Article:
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North Arcot District Co-operative Sugar Mills Ltd. (Now Ambur Co-operative Sugar Mills Ltd.) Vs. the State of Tamil Nadu - Court Judgment

LegalCrystal Citation
SubjectSales Tax
CourtChennai High Court
Decided On
Case NumberT.C. Nos. 411, 412 and 414 of 1971
Judge
Reported in[1977]40STC430(Mad)
AppellantNorth Arcot District Co-operative Sugar Mills Ltd. (Now Ambur Co-operative Sugar Mills Ltd.)
RespondentThe State of Tamil Nadu
Appellant AdvocateC. Natarajan, Adv.
Respondent AdvocateAdditional Government Pleader No. 1
DispositionPetition dismissed
Excerpt:
- - we are satisfied on the facts that the entire sum of rs. 6. accordingly, these tax revision cases fail and they are dismissed with costs......of fertilisers and other cultivation activities, which amount is ultimately deducted from the price payable in respect of the sugarcane supplied by the ryots. the sugarcane inspector appointed by the mills inspects the sugarcane field in order to ensure their proper growth and quality. under the sugarcane control order, the government of india fixes each year statutory minimum price that must be paid by the mills to the growers in each crushing season. the agreement executed by the ryots provides that the mills had to pay after weighment and approval of the delivered canes, either the controlled price or the price which was legally payable to them after deducting whatever advances that have been made. for the assessment years in question, the government of india fixed rs. 73.70 per.....
Judgment:

V. Ramaswami, J.

1. Tax (Revision) Cases Nos. 411 and 412 of 1971 have been filed by the North Arcot District Co-operative Sugar Mills Ltd., now renamed as Ambur Co-operative Sugar Mills Ltd., Vadapudupet, North Arcot District, in respect of the assessment years 1967-68 and 1968-69. The turnover in both these assessments related to a portion of the amount paid by the assessee to the cane-growers in respect of the supply of sugarcane made by them. The broad pattern of the business as between the growers and the sugar mills as found by the Tribunal is as follows :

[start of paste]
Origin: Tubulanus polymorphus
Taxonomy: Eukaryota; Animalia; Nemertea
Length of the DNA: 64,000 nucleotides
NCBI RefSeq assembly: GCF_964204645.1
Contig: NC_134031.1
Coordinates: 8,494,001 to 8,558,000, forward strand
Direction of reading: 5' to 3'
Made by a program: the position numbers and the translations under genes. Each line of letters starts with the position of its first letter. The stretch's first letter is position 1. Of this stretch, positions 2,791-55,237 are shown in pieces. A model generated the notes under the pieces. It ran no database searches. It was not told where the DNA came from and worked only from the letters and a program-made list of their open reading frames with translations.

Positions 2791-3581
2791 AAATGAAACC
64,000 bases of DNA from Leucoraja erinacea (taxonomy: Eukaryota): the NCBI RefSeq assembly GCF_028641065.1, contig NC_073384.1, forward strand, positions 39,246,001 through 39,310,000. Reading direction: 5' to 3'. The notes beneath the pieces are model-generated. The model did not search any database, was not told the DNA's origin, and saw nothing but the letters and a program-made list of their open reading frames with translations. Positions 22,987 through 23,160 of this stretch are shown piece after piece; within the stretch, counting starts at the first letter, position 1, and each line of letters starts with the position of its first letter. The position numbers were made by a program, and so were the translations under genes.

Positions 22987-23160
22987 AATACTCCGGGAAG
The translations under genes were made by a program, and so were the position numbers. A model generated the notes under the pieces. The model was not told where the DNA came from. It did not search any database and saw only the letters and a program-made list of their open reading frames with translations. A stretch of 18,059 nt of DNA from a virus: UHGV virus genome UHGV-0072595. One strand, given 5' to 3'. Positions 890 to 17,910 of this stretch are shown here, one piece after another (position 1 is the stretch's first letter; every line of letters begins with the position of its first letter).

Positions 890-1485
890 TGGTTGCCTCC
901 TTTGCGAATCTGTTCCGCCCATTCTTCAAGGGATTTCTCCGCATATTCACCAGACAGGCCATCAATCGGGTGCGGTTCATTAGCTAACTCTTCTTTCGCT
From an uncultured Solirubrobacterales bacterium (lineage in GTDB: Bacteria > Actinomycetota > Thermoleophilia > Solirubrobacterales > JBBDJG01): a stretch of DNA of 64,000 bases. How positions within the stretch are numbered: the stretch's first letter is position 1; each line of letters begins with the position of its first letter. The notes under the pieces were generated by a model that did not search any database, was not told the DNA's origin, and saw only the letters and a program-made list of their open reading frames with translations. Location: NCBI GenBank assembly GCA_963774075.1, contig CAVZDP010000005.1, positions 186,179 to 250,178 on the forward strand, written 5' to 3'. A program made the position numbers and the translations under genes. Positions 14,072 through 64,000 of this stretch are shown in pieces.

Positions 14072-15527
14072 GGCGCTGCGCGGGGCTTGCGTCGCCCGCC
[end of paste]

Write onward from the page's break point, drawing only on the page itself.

2. Before each crushing season, the mills enter into contracts with cane-growing ryots in the locality for delivering the sugarcane that will be cultivated and harvested in their fields. On the basis of this undertaking the mills also advance monies for the purchase of fertilisers and other cultivation activities, which amount is ultimately deducted from the price payable in respect of the sugarcane supplied by the ryots. The Sugarcane Inspector appointed by the mills inspects the sugarcane field in order to ensure their proper growth and quality. Under the Sugarcane Control Order, the Government of India fixes each year statutory minimum price that must be paid by the mills to the growers in each crushing season. The agreement executed by the ryots provides that the mills had to pay after weighment and approval of the delivered canes, either the controlled price or the price which was legally payable to them after deducting whatever advances that have been made. For the assessment years in question, the Government of India fixed Rs. 73.70 per tonne as the minimum price payable under the Sugarcane Control Order. It appears that the cane-growing ryots who supplied their canes to the various mills were demanding more than the amount fixed as the minimum price by the Government of India and, ultimately, the assessee agreed to pay a sum of Rs. 110 per tonne, which was later on approved by the Registrar of Co-operative Societies and the Government. The assessee contended in the assessment proceedings that the amount paid over and above Rs. 73.70 per tonne fixed as the minimum price under the Sugarcane Control Order is in the nature of a subsidy and it is not a part of the price payable in respect of the sugarcane supplied to them and that, therefore, that part of the amount could not be included in the turnover.